Some days ago I led a small food tour in Chiuchow (潮州, pronounced Chaozhou in Putonghua and Teochew in the local language), a city in eastern Guangdong province.
We settled ourselves at a dai pai dong for a Chiuchow-style seafood feast.
I immediately ordered a dish of cockles, but some in the group looked at me with a puzzled frown when they heard me ordering.
Well, to eat or not to eat the cockles was a matter of free choice.
In the shallow dish lay the blood cockles, which had just been dipped in boiling water for a few seconds.
Accompanying the dish was exotic dark soya sauce with chopped chilies and coriander in which diners could steep the raw goodies.
It’s an astonishing fact that one will become bolder when in a less familiar place.
Some in the group told me they would never dare to try raw cockles back home.
Well, confronted with a tray of the mouth-watering delicacies, how can you possibly say no to them?
Since everyone seemed to enjoy the cockles, I decided to order some Chiuchow marinated raw shrimp and crabs.
Crabs are now at the height of their season in Chiuchow.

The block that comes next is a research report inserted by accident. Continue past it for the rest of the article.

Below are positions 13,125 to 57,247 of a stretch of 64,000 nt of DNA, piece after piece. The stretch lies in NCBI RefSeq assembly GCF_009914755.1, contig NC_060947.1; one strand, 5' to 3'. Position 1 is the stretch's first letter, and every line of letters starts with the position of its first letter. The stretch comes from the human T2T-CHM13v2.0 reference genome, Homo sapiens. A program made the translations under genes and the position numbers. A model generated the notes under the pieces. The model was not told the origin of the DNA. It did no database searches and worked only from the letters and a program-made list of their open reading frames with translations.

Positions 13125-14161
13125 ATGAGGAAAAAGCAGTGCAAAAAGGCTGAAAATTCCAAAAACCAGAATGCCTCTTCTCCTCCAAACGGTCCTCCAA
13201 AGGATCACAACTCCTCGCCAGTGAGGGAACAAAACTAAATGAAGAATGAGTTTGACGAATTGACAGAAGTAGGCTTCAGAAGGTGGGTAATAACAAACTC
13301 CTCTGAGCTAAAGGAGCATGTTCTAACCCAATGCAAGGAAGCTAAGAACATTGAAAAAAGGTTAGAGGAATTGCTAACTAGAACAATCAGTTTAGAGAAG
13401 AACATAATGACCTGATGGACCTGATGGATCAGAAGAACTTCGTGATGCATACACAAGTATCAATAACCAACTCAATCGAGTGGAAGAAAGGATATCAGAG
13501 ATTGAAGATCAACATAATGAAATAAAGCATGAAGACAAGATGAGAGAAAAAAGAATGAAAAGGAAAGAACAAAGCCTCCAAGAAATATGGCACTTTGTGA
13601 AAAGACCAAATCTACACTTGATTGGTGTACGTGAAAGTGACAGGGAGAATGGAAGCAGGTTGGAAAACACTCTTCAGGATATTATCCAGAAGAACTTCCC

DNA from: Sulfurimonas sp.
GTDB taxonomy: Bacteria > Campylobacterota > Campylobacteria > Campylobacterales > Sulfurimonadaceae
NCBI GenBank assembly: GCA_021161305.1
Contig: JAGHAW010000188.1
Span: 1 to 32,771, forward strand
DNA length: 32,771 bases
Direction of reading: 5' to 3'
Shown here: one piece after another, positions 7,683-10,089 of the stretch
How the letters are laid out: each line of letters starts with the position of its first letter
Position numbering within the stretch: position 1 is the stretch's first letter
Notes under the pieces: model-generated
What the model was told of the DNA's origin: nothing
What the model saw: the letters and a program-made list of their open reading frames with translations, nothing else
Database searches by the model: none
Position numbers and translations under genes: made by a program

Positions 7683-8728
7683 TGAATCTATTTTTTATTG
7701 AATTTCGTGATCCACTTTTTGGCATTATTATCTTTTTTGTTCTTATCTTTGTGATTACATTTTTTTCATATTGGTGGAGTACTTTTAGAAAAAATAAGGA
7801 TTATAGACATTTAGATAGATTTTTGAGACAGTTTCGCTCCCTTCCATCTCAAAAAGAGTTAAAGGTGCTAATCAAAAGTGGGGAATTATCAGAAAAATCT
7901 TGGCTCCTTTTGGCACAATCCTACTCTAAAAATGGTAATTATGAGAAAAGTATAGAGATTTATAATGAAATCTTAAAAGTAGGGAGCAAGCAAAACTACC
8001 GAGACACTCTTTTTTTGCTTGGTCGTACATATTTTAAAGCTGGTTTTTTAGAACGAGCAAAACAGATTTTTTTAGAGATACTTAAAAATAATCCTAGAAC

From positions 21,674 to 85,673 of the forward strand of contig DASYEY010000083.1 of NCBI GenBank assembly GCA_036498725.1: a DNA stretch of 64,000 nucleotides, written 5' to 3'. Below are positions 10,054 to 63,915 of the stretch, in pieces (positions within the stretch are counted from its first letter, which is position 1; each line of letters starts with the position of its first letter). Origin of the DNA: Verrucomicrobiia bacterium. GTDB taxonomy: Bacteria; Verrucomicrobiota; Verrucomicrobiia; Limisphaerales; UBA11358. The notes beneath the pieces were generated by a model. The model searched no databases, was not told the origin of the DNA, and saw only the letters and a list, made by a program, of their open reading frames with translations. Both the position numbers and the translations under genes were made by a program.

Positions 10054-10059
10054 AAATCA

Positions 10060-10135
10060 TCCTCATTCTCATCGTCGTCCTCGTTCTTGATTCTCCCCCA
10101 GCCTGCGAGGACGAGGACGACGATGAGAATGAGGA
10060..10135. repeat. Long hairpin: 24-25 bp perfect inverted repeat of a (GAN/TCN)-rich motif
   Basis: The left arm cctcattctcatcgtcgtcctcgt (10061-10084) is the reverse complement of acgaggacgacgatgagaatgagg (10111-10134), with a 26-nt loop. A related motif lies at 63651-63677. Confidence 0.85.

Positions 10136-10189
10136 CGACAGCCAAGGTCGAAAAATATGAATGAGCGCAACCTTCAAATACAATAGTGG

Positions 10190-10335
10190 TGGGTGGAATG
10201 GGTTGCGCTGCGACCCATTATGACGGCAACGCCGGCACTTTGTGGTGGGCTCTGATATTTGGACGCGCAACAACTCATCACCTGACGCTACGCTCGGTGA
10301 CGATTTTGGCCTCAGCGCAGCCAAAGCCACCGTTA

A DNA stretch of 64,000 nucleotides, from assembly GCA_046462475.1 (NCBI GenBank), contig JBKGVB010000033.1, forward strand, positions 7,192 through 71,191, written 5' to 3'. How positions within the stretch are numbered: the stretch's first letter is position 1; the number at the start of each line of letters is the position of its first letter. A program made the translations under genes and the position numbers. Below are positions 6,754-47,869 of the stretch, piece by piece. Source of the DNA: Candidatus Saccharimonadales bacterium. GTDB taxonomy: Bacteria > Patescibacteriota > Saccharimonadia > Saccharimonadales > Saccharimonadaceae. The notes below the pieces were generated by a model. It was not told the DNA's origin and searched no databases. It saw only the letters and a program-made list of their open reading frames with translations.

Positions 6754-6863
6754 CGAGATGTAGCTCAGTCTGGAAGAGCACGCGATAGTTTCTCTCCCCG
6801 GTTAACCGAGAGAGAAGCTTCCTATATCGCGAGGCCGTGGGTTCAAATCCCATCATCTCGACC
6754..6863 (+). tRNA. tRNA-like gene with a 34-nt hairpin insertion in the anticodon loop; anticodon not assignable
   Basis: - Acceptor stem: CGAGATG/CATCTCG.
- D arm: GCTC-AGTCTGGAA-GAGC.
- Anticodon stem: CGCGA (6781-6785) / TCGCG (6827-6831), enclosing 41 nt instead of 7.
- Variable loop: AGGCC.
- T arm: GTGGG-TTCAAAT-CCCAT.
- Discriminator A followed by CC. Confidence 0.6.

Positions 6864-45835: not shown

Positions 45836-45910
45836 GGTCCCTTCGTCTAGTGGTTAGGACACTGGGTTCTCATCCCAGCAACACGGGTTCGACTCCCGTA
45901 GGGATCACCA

When you lift the top shell, the bright orange-red roe and tomalley spill out.
It’s so tempting.
But it seemed odd to me that only a few of my fellow diners tried the raw shrimp, and no more than three people gave the green light to the raw crabs.
Rationally speaking, raw cockles should be the riskiest option of the lot, so why would anyone prefer them over raw shrimp and crabs?
Seeing me eating all the raw seafood without hesitation, one of the group members advised me not to eat too much, fearing I would fall ill.
I took a sip from my glass of whiskey and began sucking the fragrant roe and tomalley out of another crab.
I was not trying to flaunt my iron gut.
It happened that I had just opened up myself not long ago to ganjang gejang (raw crabs marinated in soy sauce) at Damun Korean Cuisine & Bar in Causeway Bay, where I was told it was a traditional Korean dish.
The much-hyped Korean ganjang gejang has stormed Hong Kong only in the past two or three years.
Rumors have emerged that some restaurants in the city marinate the crabs in their own kitchen instead of importing them from South Korea by air.
Frankly speaking, I feel more reassured if they are prepared in Korea.
And I am pretty sure more people would try raw blood cockles if the Koreans also have such a dish.
You may now want to ask which — the Chiuchow or the Korean — marinated raw crabs taste better.
The two sauces are so different that it is not very meaningful to compare them at all.
However, in terms of the freshness of the crabs, I would give Chiuchow’s crabs a much higher rating.
This article appeared in the Hong Kong Economic Journal on March 16.
Translation by Darlie Yiu
[Chinese version 中文版]
– Contact us at [email protected]